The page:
Figure 2.7 – Shadow UAV launch[41]


2.29      On 13 March 2014, the Prime Minister committed the Australian Government to acquiring the MQ-4C Triton (Northrop Grumman, US) for use by the ADF. The Prime Minister's media release noted that '[t]he total number of Triton UAVs to be acquired and their introduction into service date will be further considered by Government in 2016, based on the Defence White Paper'.[42]The Tritons will be based at RAAF Base Edinburgh in South Australia and will operate from the runway alongside the manned P-8A Poseidon maritime surveillance aircraft when it enters RAAF service. The MQ-4C Triton will operate alongside the P-8A Poseidon to replace the current AP-3C Orion capability.

2.30      The Defence submission noted that the 'Triton is an unarmed UAS that is capable of High Altitude Long Endurance (HALE) flight, as well as being tactically agile to descend to medium altitudes as required' and will be fitted with radar, electronic support and electro-optic sensors.[43]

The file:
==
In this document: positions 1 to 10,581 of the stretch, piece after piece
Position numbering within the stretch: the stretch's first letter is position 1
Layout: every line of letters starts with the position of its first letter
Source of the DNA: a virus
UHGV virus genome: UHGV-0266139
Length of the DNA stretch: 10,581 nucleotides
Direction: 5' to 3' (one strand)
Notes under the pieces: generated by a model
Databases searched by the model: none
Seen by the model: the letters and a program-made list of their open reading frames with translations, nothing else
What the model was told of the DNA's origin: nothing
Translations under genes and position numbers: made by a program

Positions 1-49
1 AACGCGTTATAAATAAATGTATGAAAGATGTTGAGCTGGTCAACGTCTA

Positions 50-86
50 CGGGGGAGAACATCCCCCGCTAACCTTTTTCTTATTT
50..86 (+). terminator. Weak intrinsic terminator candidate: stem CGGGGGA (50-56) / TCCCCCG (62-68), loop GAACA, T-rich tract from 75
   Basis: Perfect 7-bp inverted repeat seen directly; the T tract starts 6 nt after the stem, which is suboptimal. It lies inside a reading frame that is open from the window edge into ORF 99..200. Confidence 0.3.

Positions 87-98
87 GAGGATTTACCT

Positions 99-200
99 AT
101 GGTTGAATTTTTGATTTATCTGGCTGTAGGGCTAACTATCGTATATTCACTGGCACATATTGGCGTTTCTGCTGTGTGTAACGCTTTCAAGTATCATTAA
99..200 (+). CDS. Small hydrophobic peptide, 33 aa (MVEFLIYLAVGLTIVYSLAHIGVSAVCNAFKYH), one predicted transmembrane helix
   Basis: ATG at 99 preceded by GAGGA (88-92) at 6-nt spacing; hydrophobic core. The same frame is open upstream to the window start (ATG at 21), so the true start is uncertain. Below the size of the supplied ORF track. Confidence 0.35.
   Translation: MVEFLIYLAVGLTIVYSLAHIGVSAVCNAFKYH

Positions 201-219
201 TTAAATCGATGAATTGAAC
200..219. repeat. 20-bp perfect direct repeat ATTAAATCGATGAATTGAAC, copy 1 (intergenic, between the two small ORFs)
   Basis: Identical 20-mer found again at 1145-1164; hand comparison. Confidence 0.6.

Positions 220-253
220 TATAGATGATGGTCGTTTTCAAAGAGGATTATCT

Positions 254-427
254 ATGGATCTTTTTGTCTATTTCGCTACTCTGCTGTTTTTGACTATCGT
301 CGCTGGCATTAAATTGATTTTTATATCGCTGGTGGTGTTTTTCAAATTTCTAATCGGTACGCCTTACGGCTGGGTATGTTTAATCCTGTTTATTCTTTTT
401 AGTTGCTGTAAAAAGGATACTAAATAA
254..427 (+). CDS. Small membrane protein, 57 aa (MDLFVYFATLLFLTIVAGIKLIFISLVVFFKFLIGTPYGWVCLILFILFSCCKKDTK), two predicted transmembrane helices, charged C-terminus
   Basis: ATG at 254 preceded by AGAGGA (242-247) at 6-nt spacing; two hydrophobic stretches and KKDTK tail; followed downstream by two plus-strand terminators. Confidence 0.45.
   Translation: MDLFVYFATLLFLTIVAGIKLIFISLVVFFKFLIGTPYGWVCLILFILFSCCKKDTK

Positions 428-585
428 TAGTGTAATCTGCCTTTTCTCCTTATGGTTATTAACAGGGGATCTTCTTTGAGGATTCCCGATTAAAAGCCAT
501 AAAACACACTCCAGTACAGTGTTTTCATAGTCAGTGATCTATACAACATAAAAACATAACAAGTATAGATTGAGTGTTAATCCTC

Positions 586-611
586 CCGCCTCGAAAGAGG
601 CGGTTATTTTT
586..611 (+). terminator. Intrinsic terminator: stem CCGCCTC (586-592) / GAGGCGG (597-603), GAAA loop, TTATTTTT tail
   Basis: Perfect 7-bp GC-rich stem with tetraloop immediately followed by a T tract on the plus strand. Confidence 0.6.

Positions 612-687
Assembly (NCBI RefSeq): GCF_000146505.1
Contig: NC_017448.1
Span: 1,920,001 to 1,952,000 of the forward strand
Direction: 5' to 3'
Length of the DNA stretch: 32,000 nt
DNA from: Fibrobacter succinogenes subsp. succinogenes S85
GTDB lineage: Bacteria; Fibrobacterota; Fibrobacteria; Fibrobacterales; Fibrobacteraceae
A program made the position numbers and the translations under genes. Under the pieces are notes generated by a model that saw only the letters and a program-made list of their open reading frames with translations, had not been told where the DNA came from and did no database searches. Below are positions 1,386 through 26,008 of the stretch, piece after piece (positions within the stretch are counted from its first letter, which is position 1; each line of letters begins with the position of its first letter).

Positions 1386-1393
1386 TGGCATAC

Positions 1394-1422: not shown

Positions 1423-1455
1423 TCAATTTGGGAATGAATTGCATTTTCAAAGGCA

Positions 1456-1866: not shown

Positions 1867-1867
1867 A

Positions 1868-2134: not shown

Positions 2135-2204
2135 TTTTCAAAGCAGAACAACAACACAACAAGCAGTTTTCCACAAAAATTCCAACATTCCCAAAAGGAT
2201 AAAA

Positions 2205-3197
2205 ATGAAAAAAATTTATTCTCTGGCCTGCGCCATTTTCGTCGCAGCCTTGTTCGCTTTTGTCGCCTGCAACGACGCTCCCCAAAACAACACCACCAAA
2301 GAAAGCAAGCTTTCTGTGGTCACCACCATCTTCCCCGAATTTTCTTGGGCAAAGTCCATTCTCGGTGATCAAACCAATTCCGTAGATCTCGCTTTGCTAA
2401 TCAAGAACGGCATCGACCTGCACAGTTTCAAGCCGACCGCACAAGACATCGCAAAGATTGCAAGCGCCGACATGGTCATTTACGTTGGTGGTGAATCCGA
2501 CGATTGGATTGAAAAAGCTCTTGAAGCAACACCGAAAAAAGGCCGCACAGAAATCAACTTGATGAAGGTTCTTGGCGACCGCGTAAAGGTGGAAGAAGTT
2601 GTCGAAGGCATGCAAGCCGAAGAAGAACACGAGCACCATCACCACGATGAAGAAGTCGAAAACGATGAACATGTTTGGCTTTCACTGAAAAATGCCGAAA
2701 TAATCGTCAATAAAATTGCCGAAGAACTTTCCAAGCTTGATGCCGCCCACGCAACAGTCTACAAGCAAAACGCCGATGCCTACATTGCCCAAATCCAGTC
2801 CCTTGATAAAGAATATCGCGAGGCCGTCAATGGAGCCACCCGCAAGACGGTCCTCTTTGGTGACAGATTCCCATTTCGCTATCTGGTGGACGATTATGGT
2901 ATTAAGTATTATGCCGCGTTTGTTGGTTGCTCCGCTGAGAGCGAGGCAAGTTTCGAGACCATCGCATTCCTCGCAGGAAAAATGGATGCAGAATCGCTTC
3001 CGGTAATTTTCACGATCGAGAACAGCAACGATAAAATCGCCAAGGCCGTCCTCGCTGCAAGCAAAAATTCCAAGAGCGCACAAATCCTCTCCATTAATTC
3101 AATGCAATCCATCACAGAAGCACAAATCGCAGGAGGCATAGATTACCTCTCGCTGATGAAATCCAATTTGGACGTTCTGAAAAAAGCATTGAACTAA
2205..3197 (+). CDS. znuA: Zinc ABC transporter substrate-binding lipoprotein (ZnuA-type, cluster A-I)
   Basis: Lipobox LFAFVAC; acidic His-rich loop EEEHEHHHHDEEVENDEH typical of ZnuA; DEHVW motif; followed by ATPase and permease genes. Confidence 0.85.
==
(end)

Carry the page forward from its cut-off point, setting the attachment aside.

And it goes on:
Reaper training

2.31      The Defence submission stated:

Air Force is considering a program to fund the embedding of ADF members into 'allied' UAS units. This activity will inform the ADF of the support and operational characteristics of complex UAS systems, as operated by our close allies, should the ADF seek to acquire similar systems in the future.[44]

2.32      On 23 February 2015, the Parliamentary Secretary to the Minister for Defence, the Hon Darren Chester MP, announced that the RAAF had commenced training aircrew and support staff on MQ-9 Reaper (General Atomics, US) operations in the United States. The media release stated 'the training program provides a cost effective method to increase the ADF's understanding of complex UAS operations and how this capability can be best used to protect Australian troops on future operations'.[45] At the April public hearing, Defence confirmed six RAAF personnel were undertaking Reaper training in the US.[46]

Figure 2.8 – US Reaper UAV[47]